Friday 22 December 2017
Ignace Duvivier’s etching, “Landscape in Oval with Travelers by Campfire”, 1800
Ignace Duvivier (aka Ignaz Duvivier; Joseph Ignace Duvivier; Ignace Vivier; Ignace "du" Vivier; Matthäus Ignaz [Edler von] Vivier) (1758–1832)
“Landscape in Oval with Travelers by Campfire”, 1800, from the series of four oval landscape etchings, "Divers sujets de paisages dessiné et gravé par I. Viviers 1800". Note: the title page to the series is signed, titled and dated (1800).
Etching on cream wove paper.
Size: (sheet) 20.5 x 29.4 cm; (plate) 14.4 x 23.2 cm; (oval borderline) 13.9 x 19 cm
The Philadelphia Museum of Art holds this print and others in the same series; see: http://www.philamuseum.org/collections/permanent/3355.html?mulR=1175251812|5 and http://www.philamuseum.org/collections/results.html?searchTxt=&bSuggest=1&searchNameID=1925
Condition: richly inked, crisp impression—undoubtedly a lifetime impression based on the superb quality of the printed lines—with generous margins and in very good condition (i.e. there are no tears, holes, folds, abrasions and stains, but there is faint foxing in the margins).
I am selling this very romantic image, freely drawn and using the chiaroscuro lighting harking back to the tradition of Rembrandt for the total cost of [deleted] including postage and handling to anywhere in the world.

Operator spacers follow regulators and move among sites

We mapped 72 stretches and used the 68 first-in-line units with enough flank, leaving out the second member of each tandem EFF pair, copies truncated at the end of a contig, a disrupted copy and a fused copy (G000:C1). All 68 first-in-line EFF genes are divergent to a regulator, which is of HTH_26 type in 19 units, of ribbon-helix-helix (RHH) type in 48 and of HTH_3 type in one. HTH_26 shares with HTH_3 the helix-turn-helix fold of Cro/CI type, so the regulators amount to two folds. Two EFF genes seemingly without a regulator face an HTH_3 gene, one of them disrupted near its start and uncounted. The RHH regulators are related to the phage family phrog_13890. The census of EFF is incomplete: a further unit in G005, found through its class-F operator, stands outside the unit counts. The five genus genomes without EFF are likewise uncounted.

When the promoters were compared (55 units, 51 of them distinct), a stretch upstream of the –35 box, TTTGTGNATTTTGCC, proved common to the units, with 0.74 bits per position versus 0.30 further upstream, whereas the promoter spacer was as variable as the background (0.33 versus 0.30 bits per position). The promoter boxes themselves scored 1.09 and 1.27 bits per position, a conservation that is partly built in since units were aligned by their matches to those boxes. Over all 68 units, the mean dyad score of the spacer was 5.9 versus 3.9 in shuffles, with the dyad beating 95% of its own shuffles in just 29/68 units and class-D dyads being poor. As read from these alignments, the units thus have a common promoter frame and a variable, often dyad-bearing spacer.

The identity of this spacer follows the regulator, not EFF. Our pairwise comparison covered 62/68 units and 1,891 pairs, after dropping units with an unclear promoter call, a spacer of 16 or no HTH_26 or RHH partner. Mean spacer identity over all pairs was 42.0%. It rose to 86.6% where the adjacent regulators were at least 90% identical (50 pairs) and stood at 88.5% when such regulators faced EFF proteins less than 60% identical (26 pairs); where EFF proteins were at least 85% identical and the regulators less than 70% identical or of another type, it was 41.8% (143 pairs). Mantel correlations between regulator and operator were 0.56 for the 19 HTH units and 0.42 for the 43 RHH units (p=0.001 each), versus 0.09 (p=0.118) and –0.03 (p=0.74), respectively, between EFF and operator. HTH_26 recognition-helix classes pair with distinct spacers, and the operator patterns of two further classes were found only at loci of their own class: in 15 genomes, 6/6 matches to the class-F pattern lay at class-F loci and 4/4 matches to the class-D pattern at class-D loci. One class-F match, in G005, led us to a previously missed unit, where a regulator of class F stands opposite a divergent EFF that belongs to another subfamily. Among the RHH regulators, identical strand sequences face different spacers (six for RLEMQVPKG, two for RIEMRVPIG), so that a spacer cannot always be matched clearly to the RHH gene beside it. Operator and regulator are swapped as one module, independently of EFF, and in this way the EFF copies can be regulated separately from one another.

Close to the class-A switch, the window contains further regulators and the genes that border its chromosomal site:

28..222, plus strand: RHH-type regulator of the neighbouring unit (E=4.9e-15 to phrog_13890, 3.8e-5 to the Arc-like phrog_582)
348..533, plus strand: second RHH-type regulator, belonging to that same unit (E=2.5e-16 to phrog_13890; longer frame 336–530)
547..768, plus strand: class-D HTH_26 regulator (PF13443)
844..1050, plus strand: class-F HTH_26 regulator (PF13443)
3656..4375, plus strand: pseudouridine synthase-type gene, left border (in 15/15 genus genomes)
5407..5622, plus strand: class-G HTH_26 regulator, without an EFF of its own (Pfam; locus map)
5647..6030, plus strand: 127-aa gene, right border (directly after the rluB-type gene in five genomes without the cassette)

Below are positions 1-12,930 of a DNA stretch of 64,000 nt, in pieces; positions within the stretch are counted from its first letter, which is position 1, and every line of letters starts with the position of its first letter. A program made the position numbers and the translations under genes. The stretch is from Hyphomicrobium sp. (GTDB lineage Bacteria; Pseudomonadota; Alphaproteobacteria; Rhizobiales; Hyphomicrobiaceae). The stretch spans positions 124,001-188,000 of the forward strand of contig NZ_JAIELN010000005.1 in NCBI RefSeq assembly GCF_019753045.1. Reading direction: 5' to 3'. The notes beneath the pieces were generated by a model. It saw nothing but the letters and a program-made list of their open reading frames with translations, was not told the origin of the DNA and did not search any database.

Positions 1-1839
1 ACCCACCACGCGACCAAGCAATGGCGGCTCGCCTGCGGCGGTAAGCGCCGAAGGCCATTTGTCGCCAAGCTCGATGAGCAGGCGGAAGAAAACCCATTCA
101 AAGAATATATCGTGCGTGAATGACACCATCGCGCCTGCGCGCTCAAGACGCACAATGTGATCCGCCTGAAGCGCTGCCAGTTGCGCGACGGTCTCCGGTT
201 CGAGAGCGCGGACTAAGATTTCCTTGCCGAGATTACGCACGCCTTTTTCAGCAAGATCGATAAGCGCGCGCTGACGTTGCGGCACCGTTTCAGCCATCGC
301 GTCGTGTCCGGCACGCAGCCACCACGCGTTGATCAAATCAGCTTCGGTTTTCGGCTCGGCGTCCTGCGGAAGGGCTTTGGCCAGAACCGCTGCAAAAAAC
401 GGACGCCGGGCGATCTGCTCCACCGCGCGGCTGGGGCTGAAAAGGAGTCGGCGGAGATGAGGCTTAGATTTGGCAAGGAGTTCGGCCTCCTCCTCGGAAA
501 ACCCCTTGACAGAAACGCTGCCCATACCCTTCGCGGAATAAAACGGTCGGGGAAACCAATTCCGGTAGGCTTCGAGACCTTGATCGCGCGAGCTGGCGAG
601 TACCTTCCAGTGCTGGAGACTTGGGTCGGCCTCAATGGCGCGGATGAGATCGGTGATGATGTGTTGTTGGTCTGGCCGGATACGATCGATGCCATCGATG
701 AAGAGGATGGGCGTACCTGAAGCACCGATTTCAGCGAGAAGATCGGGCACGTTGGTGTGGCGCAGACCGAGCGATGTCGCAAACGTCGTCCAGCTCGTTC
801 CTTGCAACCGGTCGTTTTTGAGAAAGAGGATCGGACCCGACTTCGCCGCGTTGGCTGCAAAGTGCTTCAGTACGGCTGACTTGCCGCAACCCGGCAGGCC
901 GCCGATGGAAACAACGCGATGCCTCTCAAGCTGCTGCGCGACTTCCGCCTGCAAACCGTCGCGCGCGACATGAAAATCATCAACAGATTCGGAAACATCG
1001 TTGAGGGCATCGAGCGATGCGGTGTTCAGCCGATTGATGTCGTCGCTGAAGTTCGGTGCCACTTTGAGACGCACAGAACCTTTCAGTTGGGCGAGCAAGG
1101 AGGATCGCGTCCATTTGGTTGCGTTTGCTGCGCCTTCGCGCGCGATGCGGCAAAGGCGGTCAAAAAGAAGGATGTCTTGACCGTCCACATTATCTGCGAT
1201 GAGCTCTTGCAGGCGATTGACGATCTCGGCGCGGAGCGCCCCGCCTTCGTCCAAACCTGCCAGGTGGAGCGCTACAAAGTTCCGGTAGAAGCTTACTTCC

If you are interested in purchasing this rare etching, please contact me (email@example.com) and I will send you a PayPal invoice to make the payment easy.
This print has been sold
At the time that this etching was executed at the close of the 18th century, there were the beginnings of the “battle” that was to gather force between printmakers who valued engraving and those that favoured etching. In many ways the disagreements were significant as they reflected the decline of the Art Academies by the mid-19th century with their reverence for Raphael and engraving and the re-evaluation of Rembrandt and the merits of etching.
The reason that I mention this “battle” is because Duvivier is clearly engaged in the same debate between the practices of engraving and etching in this print. In his treatment of the sky, for instance, Duvivier employs a visual device usually reserved for engraving: using ruled horizontal lines to portray the tone of the sky with curved parallel strokes to give three-dimensional form to clouds. By contrast, the rest of the composition is largely executed using freely laid lines typifying the approach of the etcher. To my eyes, this leap between the treatment of the sky with its disciplined rigor of tightly controlled horizontal lines and the treatment of the foreground with its seemingly immediate, loosely drawn—sketchy—marks crystallises Duvivier’s dilemma.